There’s a second when Ávila talks concerning the buddies that have been killed or ended up in jail, temptations that weren’t at all times resisted, discussing prisons and the best way they have an effect on individuals’s lives. There’s a nostalgia for the best way Empalme was, an insistence that the poverty and crime are worse now in a spot the place it was “simpler to choose up a gun than a ball”. He’s taken some severe hits however he made it; maybe that was why.
There’s no pity, as a substitute riotous firm. Booming with laughter, Ávila talks a bit like he performs: crashing about, direct, by no means flinching, carrying you alongside. Therefore he cracks up when he reveals his idols to be Juan Román Riquleme and Toni Kroos – gamers that “don’t match me in any respect”. He says, someday, he wish to inform his small daughters all the things, but it surely’s not disgrace that stops him. “I’ve by no means been ashamed of who I’m.” Which isn’t the identical as having no regrets and he tells his story uncooked, the honesty startling.
Ávila reveals how his character was made: a energy, a dedication in-built poverty. He can’t stand meals being wasted or faucets left on. If he hears the cistern going he’s there lifting the lid, tinkering. His father had issues with addictions; he ultimately labored out that his mom’s “abdomen aches” have been simply an excuse to offer what little meals there was to her kids. Ávila had his first tattoo at 10, home made with a biro and a needle. He married Maria at 15. She, like Ávila’s mum, would drag him off the streets.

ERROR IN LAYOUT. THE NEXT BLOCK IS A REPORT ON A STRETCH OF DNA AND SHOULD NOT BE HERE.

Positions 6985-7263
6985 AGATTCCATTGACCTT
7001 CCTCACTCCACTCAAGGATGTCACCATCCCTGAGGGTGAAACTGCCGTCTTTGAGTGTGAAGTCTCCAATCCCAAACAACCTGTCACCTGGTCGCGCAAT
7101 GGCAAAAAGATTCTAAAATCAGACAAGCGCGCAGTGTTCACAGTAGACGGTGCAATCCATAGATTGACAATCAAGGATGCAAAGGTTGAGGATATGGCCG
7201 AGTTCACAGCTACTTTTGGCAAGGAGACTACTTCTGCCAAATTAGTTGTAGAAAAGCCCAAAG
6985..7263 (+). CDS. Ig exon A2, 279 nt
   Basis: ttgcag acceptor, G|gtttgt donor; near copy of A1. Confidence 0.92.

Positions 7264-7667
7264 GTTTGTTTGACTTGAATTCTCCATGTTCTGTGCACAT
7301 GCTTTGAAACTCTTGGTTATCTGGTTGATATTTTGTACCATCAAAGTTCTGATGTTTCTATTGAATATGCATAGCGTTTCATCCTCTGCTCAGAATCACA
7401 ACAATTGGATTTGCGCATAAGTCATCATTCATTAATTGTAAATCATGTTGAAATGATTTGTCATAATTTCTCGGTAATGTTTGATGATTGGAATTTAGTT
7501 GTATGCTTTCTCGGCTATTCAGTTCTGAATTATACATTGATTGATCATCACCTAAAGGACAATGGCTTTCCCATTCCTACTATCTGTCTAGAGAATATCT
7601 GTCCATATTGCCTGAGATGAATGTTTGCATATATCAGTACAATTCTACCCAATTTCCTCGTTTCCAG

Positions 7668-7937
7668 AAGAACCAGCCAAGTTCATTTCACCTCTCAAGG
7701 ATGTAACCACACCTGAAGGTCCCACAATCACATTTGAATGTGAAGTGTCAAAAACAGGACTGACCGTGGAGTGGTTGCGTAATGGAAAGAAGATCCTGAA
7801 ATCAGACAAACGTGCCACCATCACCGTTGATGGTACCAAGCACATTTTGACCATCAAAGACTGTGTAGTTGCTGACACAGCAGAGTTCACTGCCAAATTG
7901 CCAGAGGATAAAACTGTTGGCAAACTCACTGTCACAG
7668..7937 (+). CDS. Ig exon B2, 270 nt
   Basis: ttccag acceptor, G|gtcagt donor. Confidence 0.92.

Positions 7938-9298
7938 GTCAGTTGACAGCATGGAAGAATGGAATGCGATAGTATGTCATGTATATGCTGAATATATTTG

“Soccer pulled me out,” Ávila says. The choice was “bars or a field”. He talks about “future” now however someday he advised Maria it was by no means going to occur. When he was at Tiro Federal he was accused – wrongly – of stealing equipment and balls, booted out the membership alongside together with his brother and his mum, a cleaner there. He went two years with out kicking a ball however insists: “God provides us all a present. You don’t overlook what you’re keen on, what you have been born to do.”
Ávila did lots. “I pushed a trolley spherical, scavenging cardboard and scrap steel, labored as a bricklayer, a painter, I minimize hair, I did something.” Not less than it was sincere, he was not hurting anybody, which he had achieved. There have been guidelines: a code, he calls it, one whose loss he laments. However he talks about “misbehaviour”, dangerous firm, fights, weapons, “borrowing” issues. There was jail, too, a spot, he says, “the place everybody is identical. Severely there are thousands and thousands of harmless individuals who have been simply on the lookout for one thing. It’s laborious to struggle for a life, for cash, work, a mattress to sleep in, meals.